• I hope this board is not getting the Star whiners. It is too good for that. I will not rehash the Colts $100 million contribution, that has been debated ad infinitum on the other board. As far as Indy, I think Rich has said it best. Traditional stands the test of time the best. Indy has a historic and mostly intact downtown. That lends to including buildings that pay homage to that history. More examples of modern buildings that do not stand the test of time is the former Zipper Building that replaced an 19th century building that was much better looking, the INB/NBD/Union Planters/Regions bank building that is on its umpteenth redesign that replaced a beautiful Knights of Pythias Flat Iron Skyscraper, and so on.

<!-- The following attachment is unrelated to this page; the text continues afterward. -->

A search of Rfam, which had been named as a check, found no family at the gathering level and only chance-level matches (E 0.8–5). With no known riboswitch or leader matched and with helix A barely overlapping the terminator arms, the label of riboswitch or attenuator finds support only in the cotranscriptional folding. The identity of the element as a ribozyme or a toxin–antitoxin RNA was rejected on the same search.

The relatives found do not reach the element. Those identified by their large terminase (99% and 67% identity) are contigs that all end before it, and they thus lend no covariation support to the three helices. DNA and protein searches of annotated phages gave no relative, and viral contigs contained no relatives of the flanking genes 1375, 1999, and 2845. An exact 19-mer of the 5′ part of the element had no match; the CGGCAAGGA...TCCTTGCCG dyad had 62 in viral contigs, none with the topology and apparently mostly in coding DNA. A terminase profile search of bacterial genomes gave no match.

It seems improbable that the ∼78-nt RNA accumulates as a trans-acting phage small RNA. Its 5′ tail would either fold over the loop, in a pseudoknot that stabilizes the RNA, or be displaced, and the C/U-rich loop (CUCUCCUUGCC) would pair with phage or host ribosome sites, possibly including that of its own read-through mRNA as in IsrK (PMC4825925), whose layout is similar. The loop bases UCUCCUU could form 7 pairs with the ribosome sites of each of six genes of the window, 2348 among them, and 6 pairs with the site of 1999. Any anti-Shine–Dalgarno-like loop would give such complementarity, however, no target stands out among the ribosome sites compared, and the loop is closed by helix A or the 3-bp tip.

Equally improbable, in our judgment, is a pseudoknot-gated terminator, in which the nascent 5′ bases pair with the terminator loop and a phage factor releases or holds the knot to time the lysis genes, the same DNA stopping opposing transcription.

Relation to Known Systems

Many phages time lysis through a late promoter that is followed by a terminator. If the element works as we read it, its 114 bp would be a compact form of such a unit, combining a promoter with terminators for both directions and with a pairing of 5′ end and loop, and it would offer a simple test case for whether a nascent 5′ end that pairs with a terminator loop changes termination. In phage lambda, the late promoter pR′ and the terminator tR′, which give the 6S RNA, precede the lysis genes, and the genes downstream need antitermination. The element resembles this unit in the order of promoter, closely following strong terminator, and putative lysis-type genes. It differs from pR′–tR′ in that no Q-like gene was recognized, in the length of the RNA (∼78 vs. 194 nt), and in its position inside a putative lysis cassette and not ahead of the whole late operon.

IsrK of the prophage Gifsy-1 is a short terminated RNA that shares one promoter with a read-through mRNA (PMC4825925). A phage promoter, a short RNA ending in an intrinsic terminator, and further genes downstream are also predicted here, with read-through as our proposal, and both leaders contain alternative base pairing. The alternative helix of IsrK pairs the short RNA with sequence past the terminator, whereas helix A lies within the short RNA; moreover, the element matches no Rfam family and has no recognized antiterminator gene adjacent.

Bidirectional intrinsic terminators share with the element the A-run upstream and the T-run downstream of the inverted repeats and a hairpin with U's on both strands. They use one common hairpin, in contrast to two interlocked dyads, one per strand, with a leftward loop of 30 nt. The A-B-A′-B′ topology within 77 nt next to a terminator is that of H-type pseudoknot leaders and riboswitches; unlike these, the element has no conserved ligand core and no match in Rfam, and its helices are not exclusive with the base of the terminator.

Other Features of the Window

There is a reason that stadiums around the country are going retro. Conseco is consistenly voted the number one sports arena and I bet Lucas Oil will get the same designation.
  • Joe-

    Until the weather here in February is anything like the weather in Dallas, we cannot possibly compete for a Superbowl with a city in the southern states.
  • The LOS will surely be a new jewl to downtown Indianapolis.
    I personally think the slanted look will give more open space, and a more natural feel.
  • I personally love retro anything including retro fashion. Thanks for the post.